Devolving economic policy and public spending to Local Enterprise Partnerships, and approving major infrastructure projects such as Atlantic Gateway are among Lord Heseltine's far-reaching suite of recommendations.
Heseltine makes 89 recommendations in the 233-page report, entitled No Stone Unturned, published today.
Boosting LEPs with a new funding and decision-making model far exceeding their current status – effectively relaunching them with a new £58bn pot in 2015 – is a central theme to his review. He said the LEPs – there are five in the North West – should be free "to develop their own tailored local economic plans" because "big government does not work".
Heseltine explained: "From 2015-16 [LEPs] would compete for a share of a single national pot to support growth over a five-year period. Under the current spending review this would account for £49bn of central public spending on skills, local infrastructure, employment support, housing, business support services and innovation. This would be supplemented by the current approximate £9bn of European common strategic framework funds."
He also encourages other cities to follow Manchester's example by creating a combined authority.
There are several contributions from local sources in the review, including an unattributed comment from Greater Manchester offering a view on local government control.
The Greater Manchester commentary said: "A second wave of devolution from central government should build on [the combined authority] and allow Greater Manchester to go much further, providing the conditions necessary to meet our potential and create over 75,000 jobs over the next five years. It should increase local decision-making, driving growth in key sectors, and flexibility for greater integration of business support, trade and investment."
Heseltine inevitably mentions lessons learned from his work after the riots in Liverpool in the early 1980s when he "visited the city most weeks for 18 months" with a "profound benefit to my departmental responsibilities".
He suggests: "It would greatly improve ministerial understanding of the policies of place if each cabinet minister were associated with two LEPs, visiting. They would be expected to visit these LEPs at least every two months."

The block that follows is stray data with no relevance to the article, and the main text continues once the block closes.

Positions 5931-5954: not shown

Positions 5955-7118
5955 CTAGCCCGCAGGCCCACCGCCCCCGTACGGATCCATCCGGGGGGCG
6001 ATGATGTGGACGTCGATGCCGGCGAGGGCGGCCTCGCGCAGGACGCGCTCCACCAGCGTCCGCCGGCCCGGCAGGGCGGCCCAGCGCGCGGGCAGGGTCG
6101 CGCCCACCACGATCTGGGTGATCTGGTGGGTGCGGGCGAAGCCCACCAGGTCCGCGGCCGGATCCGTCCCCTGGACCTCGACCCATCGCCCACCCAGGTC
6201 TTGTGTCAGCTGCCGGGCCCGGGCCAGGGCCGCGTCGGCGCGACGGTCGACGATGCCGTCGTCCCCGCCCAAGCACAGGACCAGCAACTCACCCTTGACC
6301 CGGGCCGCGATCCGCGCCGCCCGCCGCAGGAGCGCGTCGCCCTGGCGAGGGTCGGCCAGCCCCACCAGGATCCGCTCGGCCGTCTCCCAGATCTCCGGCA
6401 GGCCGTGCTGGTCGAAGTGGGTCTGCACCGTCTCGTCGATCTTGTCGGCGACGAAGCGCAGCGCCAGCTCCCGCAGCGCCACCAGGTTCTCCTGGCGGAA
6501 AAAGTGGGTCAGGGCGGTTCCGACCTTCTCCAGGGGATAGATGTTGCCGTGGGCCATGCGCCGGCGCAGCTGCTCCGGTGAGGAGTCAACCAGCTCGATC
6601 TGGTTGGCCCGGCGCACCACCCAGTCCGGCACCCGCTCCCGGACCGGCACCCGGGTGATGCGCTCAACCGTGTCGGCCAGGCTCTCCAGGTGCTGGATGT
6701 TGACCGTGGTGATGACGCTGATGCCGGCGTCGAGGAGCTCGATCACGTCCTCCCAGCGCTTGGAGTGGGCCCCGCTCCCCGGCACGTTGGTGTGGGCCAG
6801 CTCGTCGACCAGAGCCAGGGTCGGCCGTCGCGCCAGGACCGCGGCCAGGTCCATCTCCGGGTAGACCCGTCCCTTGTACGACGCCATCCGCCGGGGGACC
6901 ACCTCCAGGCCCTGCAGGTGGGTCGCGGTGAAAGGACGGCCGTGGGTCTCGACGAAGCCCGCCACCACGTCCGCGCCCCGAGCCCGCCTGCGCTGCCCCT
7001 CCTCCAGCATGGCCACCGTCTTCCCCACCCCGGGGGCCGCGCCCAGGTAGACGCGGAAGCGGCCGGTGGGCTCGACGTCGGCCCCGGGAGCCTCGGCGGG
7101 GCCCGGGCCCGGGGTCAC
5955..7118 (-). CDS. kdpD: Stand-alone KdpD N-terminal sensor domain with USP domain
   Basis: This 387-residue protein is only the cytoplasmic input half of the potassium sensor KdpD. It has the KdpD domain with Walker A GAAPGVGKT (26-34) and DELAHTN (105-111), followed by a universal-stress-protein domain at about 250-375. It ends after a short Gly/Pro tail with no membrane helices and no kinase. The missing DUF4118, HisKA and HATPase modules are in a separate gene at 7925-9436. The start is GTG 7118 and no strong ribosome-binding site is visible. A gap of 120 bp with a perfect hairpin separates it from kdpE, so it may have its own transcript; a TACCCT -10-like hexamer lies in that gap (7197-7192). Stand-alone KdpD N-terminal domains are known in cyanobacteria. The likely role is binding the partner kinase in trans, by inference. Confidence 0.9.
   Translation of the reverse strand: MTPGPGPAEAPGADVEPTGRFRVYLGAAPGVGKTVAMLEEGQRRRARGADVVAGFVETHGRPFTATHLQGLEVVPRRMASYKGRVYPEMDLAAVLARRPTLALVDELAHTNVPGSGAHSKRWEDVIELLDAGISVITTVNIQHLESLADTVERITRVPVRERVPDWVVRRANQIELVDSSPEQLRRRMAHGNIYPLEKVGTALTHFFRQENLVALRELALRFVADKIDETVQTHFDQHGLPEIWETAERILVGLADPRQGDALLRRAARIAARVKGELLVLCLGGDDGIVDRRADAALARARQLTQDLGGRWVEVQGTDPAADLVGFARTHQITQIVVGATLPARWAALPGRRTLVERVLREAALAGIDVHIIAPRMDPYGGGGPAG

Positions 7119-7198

In a chapter on airport expansion, focused mainly on a discussion of a new runway for Heathrow, he supports the Peel-led proposals for more than a dozen developments along the River Mersey and Manchester Ship Canal.
He said: "These [airports] are not the only examples of major infrastructure issues that need firm decisions by government – the regeneration of the Atlantic Gateway to make best use of the complementary economic weight of the Liverpool and Manchester city regions is another. These decisions should be taken urgently as part of our determination to be seen as an attractive place to invest."
Responding to the report, Robert Hough, chairman of the Liverpool City Region LEP, said: "Nobody knows and understands a local economy better than the businesses and entrepreneurs who make it work through investment leading to the creation of jobs and wealth.
"Lord Heseltine knows Liverpool city region well. He knows the unique membership model of our LEP well too, and his report's recommendations must inform future economic growth strategy based on local opportunities, local solutions and strong local partnerships making a compelling case for more private and public sector engagement."
Heseltine, who consulted local regeneration leaders widely in drawing up the report – there are 14 pages of names of those he spoke to – also recommends formal industry sector links to government such as those in automotive and aerospace and calls for greater use of chambers of commerce in shaping economic policy.
John Cridland, CBI director-general, said today: "I welcome Lord Heseltine's review. It identifies a wide range of levers capable of promoting growth which the CBI has been calling for for some time, from education to infrastructure, and from planning to access to finance. It is a thoughtful contribution to the growth debate.
"His key point is that we need more local action and leadership, which must be right.
"To successfully rebalance the economy towards private sector growth, every part of Britain needs to grow – we mustn't just rely on the usual suspects of London and the South-East."